Meet the Last Generation of Typewriter Repairmen
June 1, 2010 8:39 AM   Subscribe takes a look back at these charming machines and visits three Bay Area workshops whose proprietors keep hearse-colored Remingtons and Underwoods from disappearing into the grave. (Typewriters previously)
posted by gman (32 comments total) 11 users marked this as a favorite
All three of the shops that visited seemed to generate a comfortable living for their respective owners, supported by an eclectic clientele of collectors, design enthusiasts, prison inmates and tweenage girls.

I love old typewriters and believe there is a place in hell for people who key off the keys to make bracelets and desk placards. There is something so satisfying about that tactile feel and that snap sound as each letter is hit. You can feel, hear, and become part of your progress. You fall into a rhythm and the idea of falling short, of coming up blank, and being forced to sit in silence becomes its own motivator to continue. That you can't just delete entire swaths of writing in means you have to pul the page and start again. Each word is a commitment. I love writing this way.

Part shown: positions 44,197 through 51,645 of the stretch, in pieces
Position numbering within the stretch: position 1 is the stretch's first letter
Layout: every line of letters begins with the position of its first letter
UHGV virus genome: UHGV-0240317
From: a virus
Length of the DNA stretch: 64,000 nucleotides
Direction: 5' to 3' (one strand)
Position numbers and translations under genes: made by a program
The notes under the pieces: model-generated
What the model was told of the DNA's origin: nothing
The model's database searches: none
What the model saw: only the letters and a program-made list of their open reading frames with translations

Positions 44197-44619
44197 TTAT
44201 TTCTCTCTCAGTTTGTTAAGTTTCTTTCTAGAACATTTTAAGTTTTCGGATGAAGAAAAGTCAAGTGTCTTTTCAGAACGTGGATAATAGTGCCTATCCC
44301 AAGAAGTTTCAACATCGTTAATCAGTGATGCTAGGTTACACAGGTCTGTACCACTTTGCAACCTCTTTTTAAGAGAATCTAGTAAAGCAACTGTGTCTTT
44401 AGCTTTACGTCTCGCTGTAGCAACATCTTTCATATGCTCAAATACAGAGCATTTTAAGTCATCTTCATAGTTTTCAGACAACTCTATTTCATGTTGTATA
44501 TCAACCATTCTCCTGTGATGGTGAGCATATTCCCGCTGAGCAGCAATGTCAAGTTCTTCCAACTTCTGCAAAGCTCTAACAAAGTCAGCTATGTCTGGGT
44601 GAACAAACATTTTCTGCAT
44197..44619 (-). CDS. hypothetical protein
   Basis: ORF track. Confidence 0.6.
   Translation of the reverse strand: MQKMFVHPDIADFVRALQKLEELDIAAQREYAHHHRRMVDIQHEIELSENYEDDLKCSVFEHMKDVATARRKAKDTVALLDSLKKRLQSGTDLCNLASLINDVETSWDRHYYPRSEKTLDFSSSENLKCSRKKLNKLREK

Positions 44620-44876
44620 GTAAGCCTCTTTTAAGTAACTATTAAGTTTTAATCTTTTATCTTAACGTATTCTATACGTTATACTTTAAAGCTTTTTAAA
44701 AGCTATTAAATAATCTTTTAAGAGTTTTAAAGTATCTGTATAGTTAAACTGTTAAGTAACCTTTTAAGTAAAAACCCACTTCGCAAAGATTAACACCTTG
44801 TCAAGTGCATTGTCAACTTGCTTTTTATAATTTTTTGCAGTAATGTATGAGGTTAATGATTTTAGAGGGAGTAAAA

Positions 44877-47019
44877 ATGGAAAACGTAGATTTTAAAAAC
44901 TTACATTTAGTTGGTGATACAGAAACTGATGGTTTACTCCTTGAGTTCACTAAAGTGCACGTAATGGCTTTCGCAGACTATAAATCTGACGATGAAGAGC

This said, my spelling sucks. I love modern spelling check.

They are using that annoying tynt thing in that article.
posted by cjorgensen at 8:50 AM on June 1, 2010 [5 favorites]

"key off the keys" = tear off the keys.

I would have caught that on the final retyping.
posted by cjorgensen at 8:52 AM on June 1, 2010

I used to collect old typewriters until I realized I have nowhere to display them. So now I have seven or eight of them in my attic.

Those clear ones are awesome.
posted by Lucinda at 8:52 AM on June 1, 2010

I've never, ever liked manuals, but I got a Silver-Reed electric for my high school graduation and it served me quite well all through college. (I'd probably still have it if I hadn't lent it to a relative who subsequently sold it without my knowledge or permission; if I ever win the lottery, I expect this fellow to be one of the first in line with his hand out, and I'll get to remind him of that.)